Gov. Schwarzenegger’s administration also has been accused of not providing adequate leadership to the state’s Unemployment Insurance Appeals Board while California faces a critically high unemployment rate.55    Critics accused the governor of not allowing the board to meet its staffing needs, resulting in gross inefficiencies and a massive backlog of cases.56    After board members fired the director for nepotism, a member of the Senate labor committee, who monitors the committee, stated the governor did not provide any guidance on how to fix the board.57    The need for a well functioning labor board is especially urgent given that the U.S. Department of Labor ranks California second to last in hearing worker appeals.58    In July 2009, facing a backlog of more than 82,500 cases, Gov. Schwarzenegger criticized administrative judges for not taking more than the capped limit of 30 cases per month and for working on cases at home; the governor asserted working from home limits the type of work they can perform. 59 In response to the rebuke, the union representing administrative judges reminded the governor the judges are unable to take on a bigger case load and maintain a high quality of work while being forced to take three furloughed days a month.60

In addition, Gov. Schwarzenegger appointed two political allies to spots on the board within days of furloughing 238,000 state workers.61    The two appointees, recently retired GOP lawmakers, receive salaries of $128,109 each for 12 meetings per year.62    In addition, it is not clear either of them had relevant experience pertaining to unemployment issues.63

CHARGE SEVEN: VETOING HOSPITAL TRANSPARENCY BILLS

Gov. Schwarzenegger vetoed bills that would have improved transparency in California. For example, the governor vetoed a measure that would have forced hospitals to disclose infection and death rates.64    He vetoed the bill—deemed to be one of the most effective and least expensive ways to improve patient care—despite having previously endorsed the bill’s approach.65    The California hospital lobby, one of the most powerful interests in the state, opposed these disclosures on the grounds that they might lead to “frivolous” lawsuits.66    The veto of the disclosure bill was at least the second time Gov. Schwarzenegger bowed to the hospital lobby, which wields political and financial clout in the state. 67    In 2004, he vetoed another hospital disclosure measure and, in the following gubernatorial election, the governor received the maximum yearly contribution of $44,600 from the hospital association.68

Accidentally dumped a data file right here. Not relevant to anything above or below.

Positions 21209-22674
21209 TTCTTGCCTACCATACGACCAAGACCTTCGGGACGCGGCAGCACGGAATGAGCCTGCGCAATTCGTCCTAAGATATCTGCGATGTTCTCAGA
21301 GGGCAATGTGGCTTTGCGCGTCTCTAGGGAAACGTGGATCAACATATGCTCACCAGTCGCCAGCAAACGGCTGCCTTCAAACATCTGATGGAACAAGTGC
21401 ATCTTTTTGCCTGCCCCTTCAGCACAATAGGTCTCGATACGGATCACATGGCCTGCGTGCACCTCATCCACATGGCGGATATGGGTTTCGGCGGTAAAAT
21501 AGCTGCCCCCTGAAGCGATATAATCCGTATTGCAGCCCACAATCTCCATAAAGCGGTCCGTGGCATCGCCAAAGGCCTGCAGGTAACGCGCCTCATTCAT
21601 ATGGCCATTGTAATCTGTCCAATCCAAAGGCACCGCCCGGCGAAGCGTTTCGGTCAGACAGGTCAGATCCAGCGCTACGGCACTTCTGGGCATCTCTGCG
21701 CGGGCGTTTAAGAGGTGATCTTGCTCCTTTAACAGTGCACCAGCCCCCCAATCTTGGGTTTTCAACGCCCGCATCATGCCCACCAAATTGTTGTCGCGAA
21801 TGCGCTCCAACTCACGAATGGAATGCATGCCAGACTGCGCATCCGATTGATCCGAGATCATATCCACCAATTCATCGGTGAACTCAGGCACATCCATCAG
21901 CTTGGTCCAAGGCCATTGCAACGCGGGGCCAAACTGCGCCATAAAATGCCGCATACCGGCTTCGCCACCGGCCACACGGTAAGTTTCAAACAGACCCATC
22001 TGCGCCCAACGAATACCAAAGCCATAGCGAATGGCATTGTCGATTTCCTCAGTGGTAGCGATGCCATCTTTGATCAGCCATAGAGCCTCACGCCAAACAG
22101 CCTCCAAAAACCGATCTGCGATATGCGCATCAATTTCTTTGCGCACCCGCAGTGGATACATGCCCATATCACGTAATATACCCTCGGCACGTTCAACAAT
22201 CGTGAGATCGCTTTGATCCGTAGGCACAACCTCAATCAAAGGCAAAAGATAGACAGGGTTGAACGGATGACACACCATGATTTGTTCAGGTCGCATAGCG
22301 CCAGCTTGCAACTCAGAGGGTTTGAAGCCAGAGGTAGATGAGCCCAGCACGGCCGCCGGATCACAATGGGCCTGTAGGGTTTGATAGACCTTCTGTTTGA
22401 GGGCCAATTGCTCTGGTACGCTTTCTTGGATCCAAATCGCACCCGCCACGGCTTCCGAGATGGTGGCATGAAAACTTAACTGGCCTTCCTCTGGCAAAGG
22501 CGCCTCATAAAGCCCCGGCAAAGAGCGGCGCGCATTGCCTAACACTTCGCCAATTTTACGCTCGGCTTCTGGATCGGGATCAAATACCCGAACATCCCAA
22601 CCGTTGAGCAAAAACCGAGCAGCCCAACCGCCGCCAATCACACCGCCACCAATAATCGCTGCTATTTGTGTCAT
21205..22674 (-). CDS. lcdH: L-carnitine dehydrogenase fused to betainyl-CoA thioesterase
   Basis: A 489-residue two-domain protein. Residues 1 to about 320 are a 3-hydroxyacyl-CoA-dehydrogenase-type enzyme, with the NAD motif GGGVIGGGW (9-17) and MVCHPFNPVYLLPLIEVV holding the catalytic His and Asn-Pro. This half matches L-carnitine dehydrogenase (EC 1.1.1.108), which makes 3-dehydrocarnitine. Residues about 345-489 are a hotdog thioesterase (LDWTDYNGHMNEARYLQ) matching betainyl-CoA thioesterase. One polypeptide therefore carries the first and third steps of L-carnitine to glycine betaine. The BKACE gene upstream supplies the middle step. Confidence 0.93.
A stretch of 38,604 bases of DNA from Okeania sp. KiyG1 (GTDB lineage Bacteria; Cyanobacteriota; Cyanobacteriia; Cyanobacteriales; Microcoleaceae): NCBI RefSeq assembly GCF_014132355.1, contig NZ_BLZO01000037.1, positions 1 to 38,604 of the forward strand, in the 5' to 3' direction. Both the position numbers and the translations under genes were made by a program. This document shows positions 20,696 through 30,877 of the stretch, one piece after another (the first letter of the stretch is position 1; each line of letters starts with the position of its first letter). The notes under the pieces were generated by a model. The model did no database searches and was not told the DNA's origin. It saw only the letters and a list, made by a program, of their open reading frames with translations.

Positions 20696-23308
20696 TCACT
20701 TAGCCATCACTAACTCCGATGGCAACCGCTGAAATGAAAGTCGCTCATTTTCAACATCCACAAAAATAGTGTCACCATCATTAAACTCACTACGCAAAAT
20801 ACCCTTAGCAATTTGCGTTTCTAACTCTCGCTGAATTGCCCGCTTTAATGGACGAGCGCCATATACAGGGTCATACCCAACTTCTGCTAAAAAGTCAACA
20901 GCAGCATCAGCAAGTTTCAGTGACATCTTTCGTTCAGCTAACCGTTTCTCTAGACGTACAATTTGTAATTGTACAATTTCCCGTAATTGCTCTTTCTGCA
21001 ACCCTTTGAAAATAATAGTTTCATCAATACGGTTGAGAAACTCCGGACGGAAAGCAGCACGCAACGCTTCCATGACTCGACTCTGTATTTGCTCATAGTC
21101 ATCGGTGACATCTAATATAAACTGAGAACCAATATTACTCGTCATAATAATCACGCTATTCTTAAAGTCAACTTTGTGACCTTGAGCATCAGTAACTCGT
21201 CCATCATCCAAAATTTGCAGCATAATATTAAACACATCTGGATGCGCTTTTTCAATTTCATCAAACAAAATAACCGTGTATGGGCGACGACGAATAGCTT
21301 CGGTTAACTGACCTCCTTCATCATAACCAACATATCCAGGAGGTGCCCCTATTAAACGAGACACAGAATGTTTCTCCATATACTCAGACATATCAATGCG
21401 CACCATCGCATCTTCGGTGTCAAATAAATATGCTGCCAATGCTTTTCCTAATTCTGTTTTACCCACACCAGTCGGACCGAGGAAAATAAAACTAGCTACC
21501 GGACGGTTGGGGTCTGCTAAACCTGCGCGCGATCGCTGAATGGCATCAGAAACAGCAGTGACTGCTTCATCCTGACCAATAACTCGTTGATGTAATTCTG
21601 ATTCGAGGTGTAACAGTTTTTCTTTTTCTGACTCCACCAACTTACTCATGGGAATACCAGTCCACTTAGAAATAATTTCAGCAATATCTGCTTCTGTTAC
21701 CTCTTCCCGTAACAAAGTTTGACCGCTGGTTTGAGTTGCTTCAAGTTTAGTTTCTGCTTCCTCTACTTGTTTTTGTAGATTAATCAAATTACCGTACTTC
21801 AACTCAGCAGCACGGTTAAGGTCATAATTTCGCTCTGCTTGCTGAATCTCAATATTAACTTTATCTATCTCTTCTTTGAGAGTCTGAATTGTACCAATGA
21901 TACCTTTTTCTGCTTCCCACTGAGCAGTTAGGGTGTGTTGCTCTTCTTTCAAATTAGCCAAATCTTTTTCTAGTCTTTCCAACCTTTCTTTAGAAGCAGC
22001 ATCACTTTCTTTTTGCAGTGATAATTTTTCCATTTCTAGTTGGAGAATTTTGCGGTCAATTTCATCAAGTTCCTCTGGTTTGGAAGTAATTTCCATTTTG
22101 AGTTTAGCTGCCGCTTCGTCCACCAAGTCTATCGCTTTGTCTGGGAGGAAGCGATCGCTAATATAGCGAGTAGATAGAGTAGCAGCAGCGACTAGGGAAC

1 Robert Salladay and Peter Nicholas, Nonprofits Cloak Donors to Governor, Los Angeles Times, August 24, 2005; Peter Nicholas and Dan Morain, Gov. Funds Public Events Privately, Los Angeles Times, September 29, 2006. 2 Nicholas and Morain, Los Angeles Times, September 29, 2006. 3 Salladay and Nicholas, Los Angeles Times, August 24, 2005. 4 Id. 5 Id. 6 Id. 7 Michael Rothfeld, State Staffers’ Trip to China Draws Ire, Los Angeles Times, December 30, 2007. 8 Id. 9 Id. 10 Id. 11 Patrick McGreevy, Uses of Ballot-Item War Chests Curbed, Los Angeles Times, January 16, 2009. 12 Id. 13 Id. 14 Id. 15 Peter Nicholas, Governor’s Ban on Staff Perks Isn’t Perfect, Los Angeles Times, October 31, 2006. 16 Id. 17 Michael Rothfeld, Ex- Cabinet Member Pays $5,400 Ethics Fine, Los Angeles Times, June 9, 2009. 18 Id. 19 Peter Nicholas, Insurers Liking the Coverage of Schwarzenegger’s Policies, Los Angeles Times, September 24, 2006. 20 Peter Nicholas, Governor’s Cause Gets Gift After He Signed Law, Los Angeles Times, March 22, 2007. 21 Id. 22 Id. 23 Id. 24 Nicholas, Los Angeles Times, Sept. 24, 2006. 25 Id. 26 Id. 27 Nicholas, Los Angeles Times, Sept. 24, 2006. 28 Evan Halper and Nancy Vogel, See the World, Let Special Interests Pay, Governor Urges, Los Angeles Times, May 1, 2008.29 Id. 30 Id. 31 Robert Salladay and Dan Morain, Before and After, Supplements in the Picture, Los Angeles Times, July 23, 2005; Michael Rothfeld, Ethics Complaint Against the Governor is Dismissed, Los Angeles Times, September 26, 2009; Peter Nicholas and Carla Hall, Tabloid’s Deal With Woman Shielded Schwarzenegger, Los Angeles Times, August 12, 2005. 32 Salladay and Morain, Los Angeles Times, July 23, 2005. 33 Id. 34 Rothfeld, Los Angeles Times, September 26, 2009. 35 Id. 36 Nicholas and Hall, Los Angeles Times, August 12, 2005. 37 Peter Nicholas, Tabloid Tried to Suppress Videotape, Los Angeles Times, September 12, 2005.38 Nicholas and Hall, Los Angeles Times, August 12, 2005. 39 Shane Goldmacher, High-Speed Rail PR Deal Raising Ethical Question, Los Angeles Times, September 3, 2009. 40 Id. 41 Cathleen Decker, A State Fed Up With Its Government, Los Angeles Times, September 13, 2009. 42 Jordan Rau, Campaign Aides Cash in on State Jobs, Los Angeles Times, March 5, 2007. 43 Dan Morain, Cunningham Figure Gave to Gov, Los Angeles Times, December 8, 2005. 44 Greg Moran, Probation for Minor Figure in Bribe Case, The San Diego Union-Tribune, October 3, 2008. 45 Patrick McGreevy, Board Violated State Laws, Audit Says, Los Angeles Times, March 26, 2008. 46 Id. 47 Id. 48 Id. 49 Peter Nicholas, Gov.’s State Board Choices Raise Charges of Cronyism, Los Angeles Times, April 2, 2007. 50 Evan Halper, Governor Is Accused of Bullying Air Panel, Los Angeles Times, July 7, 2007. 51 Dan Walters, ARB Probe: Conflict or Kabuki, The Sacramento Bee, July 6, 2007. 52 Id. 53 Id.; Halper, Los Angeles Times, July 7, 2007. 54 Walters, The Sacramento Bee, July 6, 2007. 55 Patrick McGreevy, Turmoil Rocks Jobless Benefits Agency, Los Angeles Times, July 27, 2008; Marc Lifsher, Jobless Benefit Appeals Pile Up, Los Angeles Times, February 2, 2009. 56 Id. 57 McGreevy, Los Angeles Times, July 27, 2008. 58 Lifsher, Los Angeles Times, February 2, 2009. 59 Richard Procter, Governor Tells Judges on Jobless Panel to Step it Up, San Francisco Chronicle, July 31, 2009. 60 Id. 61 Patrick McGreevy, Gov. Gives Insiders Lucrative Jobs While Workers Face Pay Cuts, Los Angeles Times, January 18, 2009. 62 Id. 63 Id. 64 Jordan Rau, Gov. Vetoes Hospital Disclosure, Los Angeles Times, October 14, 2007. 65 Id. 66 Id. 67 Id.68 Rau, Los Angeles Times, October 14, 2007.